• Annotating Cognates in Phylogenetic Studies of South-East Asian Languages [version 2]

    Author(s):
    Johann-Mattis List, Mei-Shin Wu (see profile)
    Date:
    2022
    Group(s):
    Linguistics
    Subject(s):
    Historical linguistics
    Item Type:
    Abstract
    Tag(s):
    Bayesian phylogenetics, Chinese, South-East Asian languages, cognate annotation, partial cognates
    Permanent URL:
    https://doi.org/10.17613/rabq-7z45
    Abstract:
    Compounding and derivation are frequent in many language families. As a consequence, words in different languages are often only partially cognate, sharing only a few but not all morphemes. While partial cognates do not constitute a problem for the phonological reconstruction of individual morphemes, they are problematic when it comes to phylogenetic reconstruction based on comparative wordlists. Here, we review the current practice of preparing cognate-coded wordlists and develop new approaches that make the process of cognate annotation more transparent. Comparing four methods by which partial cognate judgments can be converted to cognate judgments for whole words on a newly annotated dataset of 19 Chinese dialect varieties, we find that the choice of the conversion method has an impact on the inferred tree topologies that cannot be ignored. We conclude that scholars should take cognate judgments in languages in which compounding and derivation are frequent with great care and recommend to assign cognates always transparently.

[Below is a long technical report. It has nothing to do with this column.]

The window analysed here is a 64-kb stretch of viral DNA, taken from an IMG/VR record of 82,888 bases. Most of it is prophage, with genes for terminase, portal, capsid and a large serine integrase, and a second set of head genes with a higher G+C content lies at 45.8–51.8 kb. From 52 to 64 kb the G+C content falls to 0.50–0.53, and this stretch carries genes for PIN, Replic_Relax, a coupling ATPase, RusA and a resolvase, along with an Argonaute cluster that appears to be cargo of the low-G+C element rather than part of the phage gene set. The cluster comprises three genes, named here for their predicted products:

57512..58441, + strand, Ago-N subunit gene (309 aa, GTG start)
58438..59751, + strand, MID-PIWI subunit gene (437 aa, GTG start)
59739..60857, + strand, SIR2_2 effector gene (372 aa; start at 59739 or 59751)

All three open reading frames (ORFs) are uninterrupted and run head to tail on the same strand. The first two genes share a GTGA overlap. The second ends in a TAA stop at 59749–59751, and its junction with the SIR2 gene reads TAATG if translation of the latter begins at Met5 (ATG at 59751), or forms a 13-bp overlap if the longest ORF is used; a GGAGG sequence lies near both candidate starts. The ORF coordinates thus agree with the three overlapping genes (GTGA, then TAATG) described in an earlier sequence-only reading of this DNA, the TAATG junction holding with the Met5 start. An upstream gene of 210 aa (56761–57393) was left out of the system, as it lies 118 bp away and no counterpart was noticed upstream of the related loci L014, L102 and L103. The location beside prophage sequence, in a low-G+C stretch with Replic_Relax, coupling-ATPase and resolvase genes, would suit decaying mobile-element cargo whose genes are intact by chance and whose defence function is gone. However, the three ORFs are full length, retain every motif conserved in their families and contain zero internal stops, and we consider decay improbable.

Metadata:
    Status:
    Published
    Last Updated:
    9 months ago
    License:
    All Rights Reserved
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